On Monday 5th November we received a letter from Newcastle City Council (linked here) and the following day I was supplied with the link below, which gives a much more in-depth outline of the council’s objectives, which we have not studied in great detail to date. However, due to the timing and potential consequences of this proposed legislation, we thought it prudent to make our landlords aware of this situation at the earliest possible opportunity.
Link to Newcastle City council Website providing much more information; https://newcastleplproposal.commonplace.is/schemes/proposals/document-library/details
We are, therefore, informing all of the landlords on our database, to make them aware of the council’s current plans. Please note, that these proposed changes are in addition to the recent changes in licenced HMO properties in Newcastle that came into force on Oct 1st 2018, which was the removal of number of floors and the introduction of minimum room sizes with minimum height restrictions.
We are informed that the October 2018 amendments alone will increase the number of licences required nationally by approximately 160,000, based on Newcastle’s Fee of £843 for a new HMO licence (currently), that is a national revenue stream of £134,880,000.
If in addition, they are going to licence all HMOs which are not currently licensed in Newcastle; this means any property that rents to 3 or more unrelated people. This is as well as the selective licensing already in place. Using the council’s own figures from the documents provided in the link above, the Selective Licence cost; £650 x 9100 properties and additional Licence cost of £750 x 9350, giving a total revenue stream of £12,927,500. I think you will agree this is a substantial income over a five-year period, amounting to £2,585,500.p.a.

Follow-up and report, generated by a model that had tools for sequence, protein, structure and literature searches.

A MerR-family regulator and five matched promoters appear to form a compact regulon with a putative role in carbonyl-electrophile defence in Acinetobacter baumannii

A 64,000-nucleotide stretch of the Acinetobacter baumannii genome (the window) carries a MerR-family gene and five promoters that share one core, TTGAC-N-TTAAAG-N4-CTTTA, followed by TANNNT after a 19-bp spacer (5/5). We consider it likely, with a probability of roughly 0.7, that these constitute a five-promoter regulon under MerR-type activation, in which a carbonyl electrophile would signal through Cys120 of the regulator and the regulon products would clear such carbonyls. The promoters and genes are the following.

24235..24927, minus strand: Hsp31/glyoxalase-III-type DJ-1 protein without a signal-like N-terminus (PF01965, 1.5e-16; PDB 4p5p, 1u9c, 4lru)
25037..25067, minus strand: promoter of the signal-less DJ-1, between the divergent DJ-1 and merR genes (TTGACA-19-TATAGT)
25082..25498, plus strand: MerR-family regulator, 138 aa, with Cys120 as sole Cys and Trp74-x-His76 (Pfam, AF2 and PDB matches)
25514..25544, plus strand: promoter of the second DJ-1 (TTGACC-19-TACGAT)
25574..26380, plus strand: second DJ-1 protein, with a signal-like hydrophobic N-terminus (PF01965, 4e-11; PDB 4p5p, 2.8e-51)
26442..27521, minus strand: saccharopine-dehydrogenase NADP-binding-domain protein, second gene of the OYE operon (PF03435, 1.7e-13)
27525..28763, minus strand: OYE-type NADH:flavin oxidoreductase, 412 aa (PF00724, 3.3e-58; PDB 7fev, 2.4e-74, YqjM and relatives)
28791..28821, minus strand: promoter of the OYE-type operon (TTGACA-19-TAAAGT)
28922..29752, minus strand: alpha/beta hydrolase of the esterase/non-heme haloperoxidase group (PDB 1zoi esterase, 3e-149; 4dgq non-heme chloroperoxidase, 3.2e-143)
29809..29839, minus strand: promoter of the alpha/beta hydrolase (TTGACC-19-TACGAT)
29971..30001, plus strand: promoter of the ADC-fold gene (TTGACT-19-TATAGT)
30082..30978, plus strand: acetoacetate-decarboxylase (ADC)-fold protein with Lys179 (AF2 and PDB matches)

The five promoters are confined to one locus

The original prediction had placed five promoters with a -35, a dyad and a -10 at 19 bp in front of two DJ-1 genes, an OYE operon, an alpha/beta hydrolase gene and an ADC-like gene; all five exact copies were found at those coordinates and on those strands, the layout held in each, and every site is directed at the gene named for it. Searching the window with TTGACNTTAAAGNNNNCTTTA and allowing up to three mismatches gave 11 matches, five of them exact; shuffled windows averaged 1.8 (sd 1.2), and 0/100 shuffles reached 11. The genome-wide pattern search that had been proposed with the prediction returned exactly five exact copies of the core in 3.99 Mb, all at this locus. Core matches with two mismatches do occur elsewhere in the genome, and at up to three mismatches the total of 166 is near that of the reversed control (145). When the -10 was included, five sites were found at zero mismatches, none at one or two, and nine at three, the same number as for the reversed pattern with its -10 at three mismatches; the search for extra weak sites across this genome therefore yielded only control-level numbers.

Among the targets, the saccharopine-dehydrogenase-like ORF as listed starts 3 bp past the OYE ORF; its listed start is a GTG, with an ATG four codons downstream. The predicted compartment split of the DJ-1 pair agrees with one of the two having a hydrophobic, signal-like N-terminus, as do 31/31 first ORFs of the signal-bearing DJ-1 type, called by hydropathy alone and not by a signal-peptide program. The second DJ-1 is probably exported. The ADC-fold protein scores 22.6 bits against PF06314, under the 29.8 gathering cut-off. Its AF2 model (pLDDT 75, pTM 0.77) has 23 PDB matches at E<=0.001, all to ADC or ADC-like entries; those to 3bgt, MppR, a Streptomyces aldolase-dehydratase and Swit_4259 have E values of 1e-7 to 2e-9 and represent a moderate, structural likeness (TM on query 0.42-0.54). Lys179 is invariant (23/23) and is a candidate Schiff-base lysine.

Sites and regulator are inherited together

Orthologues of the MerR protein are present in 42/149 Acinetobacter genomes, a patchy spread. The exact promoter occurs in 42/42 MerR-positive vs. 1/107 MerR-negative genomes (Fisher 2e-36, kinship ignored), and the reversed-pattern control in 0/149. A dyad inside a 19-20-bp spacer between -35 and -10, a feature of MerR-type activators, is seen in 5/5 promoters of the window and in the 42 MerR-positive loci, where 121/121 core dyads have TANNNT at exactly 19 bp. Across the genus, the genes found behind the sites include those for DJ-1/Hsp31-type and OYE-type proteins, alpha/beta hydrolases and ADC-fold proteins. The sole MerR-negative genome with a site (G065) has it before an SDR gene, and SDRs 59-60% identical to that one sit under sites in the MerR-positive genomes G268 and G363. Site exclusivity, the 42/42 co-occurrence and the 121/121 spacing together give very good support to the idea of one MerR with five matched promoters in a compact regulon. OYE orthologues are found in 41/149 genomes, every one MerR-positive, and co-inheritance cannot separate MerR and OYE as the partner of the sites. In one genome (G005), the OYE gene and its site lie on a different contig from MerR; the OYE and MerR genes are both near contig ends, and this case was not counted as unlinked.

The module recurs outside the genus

As this is in addition to both the existing and newly created licensed HMO stock, I for one, would like to know how that money is going to be spent. The document stresses that this money is ring-fenced and can only be used for running this scheme but I would have thought that this sum of money would be well in excess of what would be required just for this purpose. Therefore, perhaps a more affordable licence should at least be a consideration? Where I fully appreciate there are overhead costs and expenses that would need to be recovered even if you paid an inspector £50,000 per annum, the additional revenue alone would pay for 50 new inspectors in Newcastle in year one and their continued salary every year after that!
Whereas I have always supported raising the standard of private rented property and welcome any attempts to do so, I think it only right that we should look and question the motives for such action. Especially at a time when landlords are being hit from all angles by the government (removal of tax breaks, tenant fee ban, etc.). On the other side of the fence, it is no secret that councils are being equally underfunded by government and instead are being given ideas and the opportunity to introduce legislation to increase revenues by stealth at the expense of certain market sectors. Landlords, in my opinion, are clearly being treated as soft, easy targets by the government.
We hope to be attending these meetings – the three dates are in the attached letter – and would urge any interested parties to do so also, to ensure that your voice is heard and you are aware of both the motives and rationale for such proposed changes. Again, I stress this is not necessarily bad news, as anything that improves the standard of the private rented sector is good, especially for decent landlords; it can only reduce the number of bad landlords in the city making your properties even more desirable.
We are happy to discuss this matter further with you, so please feel free to call me on 0191 212 6970on this matter( but to date please note you are in possession of all the information we are), or if you require any help with letting your property(s).